Both works the same way. While the usual AdBlockers block all ad-related servers/IPs, you can do the same for selected ones.
Provided your device is rooted, you can block their specific IPs via your
hosts file. Just add the server name one per line, and send it to an "invalid" URL such as e.g.
0.0.0.0. An example entry would look like:
Of course this would mean you have to figure out the URL of the ads displayed. Here apps like OS Monitor might prove helpful, as they show all open network connections:
OS Monitor: Open connections and WhoIs information (source: Google Play)
When such an ad is displayed, immediately open the connection tab in OS Monitor and check the list. The first screenshot1 shows the app in charge is displayed along with the corresponding entry. The status column will most likely hold either *CLOSE_WAIT*, *LAST_ACK*, or (less likely) ESTABLISHED. Tap the entry which seems fitting to get the WhoIs information2. On that page you see the hostname right on top ("DNS"), which is what you then put into your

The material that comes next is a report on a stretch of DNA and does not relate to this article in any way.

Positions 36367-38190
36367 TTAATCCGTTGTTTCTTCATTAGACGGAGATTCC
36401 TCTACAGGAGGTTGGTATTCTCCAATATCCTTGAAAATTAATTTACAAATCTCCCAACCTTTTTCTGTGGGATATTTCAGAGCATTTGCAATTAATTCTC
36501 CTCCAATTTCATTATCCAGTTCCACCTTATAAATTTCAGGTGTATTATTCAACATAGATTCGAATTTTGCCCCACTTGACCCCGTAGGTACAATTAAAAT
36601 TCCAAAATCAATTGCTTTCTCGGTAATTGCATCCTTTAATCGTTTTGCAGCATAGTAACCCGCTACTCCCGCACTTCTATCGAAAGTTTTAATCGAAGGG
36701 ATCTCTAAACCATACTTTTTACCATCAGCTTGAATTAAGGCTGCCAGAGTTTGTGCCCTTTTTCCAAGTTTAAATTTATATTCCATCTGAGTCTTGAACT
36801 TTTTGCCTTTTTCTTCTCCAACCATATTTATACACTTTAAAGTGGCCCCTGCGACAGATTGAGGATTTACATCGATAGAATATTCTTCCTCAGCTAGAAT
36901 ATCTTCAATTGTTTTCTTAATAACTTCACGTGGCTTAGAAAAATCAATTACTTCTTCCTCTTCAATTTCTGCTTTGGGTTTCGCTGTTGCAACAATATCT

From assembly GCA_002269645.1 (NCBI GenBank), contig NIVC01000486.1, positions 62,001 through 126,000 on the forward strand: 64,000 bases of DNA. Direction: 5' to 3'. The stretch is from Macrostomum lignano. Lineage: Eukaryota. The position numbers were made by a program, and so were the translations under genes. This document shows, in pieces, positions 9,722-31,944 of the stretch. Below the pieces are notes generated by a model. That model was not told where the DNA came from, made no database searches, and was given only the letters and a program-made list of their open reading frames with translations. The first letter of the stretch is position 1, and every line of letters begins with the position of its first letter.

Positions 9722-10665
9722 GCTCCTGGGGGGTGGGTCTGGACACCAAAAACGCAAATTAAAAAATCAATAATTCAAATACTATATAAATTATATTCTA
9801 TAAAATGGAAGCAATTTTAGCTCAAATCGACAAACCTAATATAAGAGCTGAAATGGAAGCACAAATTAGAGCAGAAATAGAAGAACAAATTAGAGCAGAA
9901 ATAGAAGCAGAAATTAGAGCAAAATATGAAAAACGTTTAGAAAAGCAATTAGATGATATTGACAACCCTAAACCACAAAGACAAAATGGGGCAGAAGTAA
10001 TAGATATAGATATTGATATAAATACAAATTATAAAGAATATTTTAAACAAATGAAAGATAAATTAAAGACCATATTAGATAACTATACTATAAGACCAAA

/system/etc/hosts file as described above.
Don't forget to clear the app's cache afterwards, as otherwise cached ads might still be displayed. Continue until you caught them all :)
Another solution is available for certain providers (at least here in Germany): Opt-Out of provider billing, either completely or for given companies. Of course you still need to pay your contract (that's not what is meant here), but you should no longer be automatically charged for ads etc. via your phone bill. Which does not mean nobody might scare you with accuses of a subscription you "bought" -- but that would no longer work for those ads.